Review: The Absolutely True Diary of a Part-Time Indian

The Absolutely True Diary of a Part-Time Indian
The Absolutely True Diary of a Part-Time Indian by Sherman Alexie
My rating: 5 of 5 stars

Book #65 for 2016
PopSugar Challenge Task: A National Book Award winner
The Legendary Book Club of Habitica’s Modest Reading Challenge Task: A book that was banned at some point

I wasn’t really looking forward to reading this book. It’s about a teenage boy struggling to fit in at a new high school. That isn’t the sort of thing that appeals to me. But in this semi-autobiographical tale of Arnold “Junior” Spirit, Alexie offers a unique perspective that is entertaining, touching, and thought-provoking. It isn’t a long story, but he explores issues of race, bullying, substance abuse, poverty, and sexuality as well as the meaning of friendship and the general awkwardness of being a teenage boy.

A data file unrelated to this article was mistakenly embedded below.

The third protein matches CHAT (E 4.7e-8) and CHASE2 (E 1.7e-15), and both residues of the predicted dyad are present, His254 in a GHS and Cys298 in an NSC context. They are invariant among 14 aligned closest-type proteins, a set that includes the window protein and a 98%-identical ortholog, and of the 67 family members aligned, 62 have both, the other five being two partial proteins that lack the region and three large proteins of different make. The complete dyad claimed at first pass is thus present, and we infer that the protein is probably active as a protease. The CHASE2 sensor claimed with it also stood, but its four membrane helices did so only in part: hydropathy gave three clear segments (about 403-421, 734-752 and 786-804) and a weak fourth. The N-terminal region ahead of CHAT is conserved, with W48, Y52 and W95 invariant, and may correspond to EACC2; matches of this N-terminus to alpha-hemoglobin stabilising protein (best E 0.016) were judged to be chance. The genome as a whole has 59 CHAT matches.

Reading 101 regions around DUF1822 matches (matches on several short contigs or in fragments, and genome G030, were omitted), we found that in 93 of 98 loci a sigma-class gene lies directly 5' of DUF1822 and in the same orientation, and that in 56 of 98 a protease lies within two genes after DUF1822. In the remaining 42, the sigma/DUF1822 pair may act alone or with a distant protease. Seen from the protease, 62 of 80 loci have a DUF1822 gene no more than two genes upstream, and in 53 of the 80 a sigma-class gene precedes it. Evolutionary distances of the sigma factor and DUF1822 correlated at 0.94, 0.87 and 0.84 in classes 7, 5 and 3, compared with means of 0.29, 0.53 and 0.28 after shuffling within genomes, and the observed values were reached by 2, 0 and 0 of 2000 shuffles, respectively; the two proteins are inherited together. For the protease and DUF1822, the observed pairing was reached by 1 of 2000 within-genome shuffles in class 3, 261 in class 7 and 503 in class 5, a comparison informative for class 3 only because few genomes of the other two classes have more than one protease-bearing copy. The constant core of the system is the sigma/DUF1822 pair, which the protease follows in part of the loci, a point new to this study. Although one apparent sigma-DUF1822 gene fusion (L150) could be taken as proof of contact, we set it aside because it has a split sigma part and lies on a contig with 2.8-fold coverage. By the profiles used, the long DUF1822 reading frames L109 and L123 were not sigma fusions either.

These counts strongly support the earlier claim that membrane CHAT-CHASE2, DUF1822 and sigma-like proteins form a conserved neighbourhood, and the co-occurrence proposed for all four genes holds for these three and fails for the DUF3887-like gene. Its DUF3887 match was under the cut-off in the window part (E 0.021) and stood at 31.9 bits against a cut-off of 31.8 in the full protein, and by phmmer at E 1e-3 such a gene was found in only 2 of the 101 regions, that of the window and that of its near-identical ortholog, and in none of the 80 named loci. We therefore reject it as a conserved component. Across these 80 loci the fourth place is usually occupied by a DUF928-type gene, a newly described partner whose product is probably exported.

I listened to this on CD, so I didn’t see the illustrations, but I think I’m okay with that. I’m not much of a cartoon person to begin with, and my understanding is that Alexie didn’t do the illustrations himself. If I happen upon a hard copy, I’ll probably take a look, but it’s not something I will actively seek out. As it is, I highly recommend the audio version. Alexie narrates, and the rhythm and flow of his Native American speech patterns add a lot to the story, making Junior’s emotional struggles feel genuine and straightforward.

It angers me that this book has been challenged and even flat-out banned in at least one school district. And kudos to those involved in getting free copies into the hands of students who were the victims of that move. I would recommend this book to any teen, but especially to ones who could use either representation of or exposure to the issues faced by Native American students. Evidently, there are quite a few adults who could stand to read it as well.

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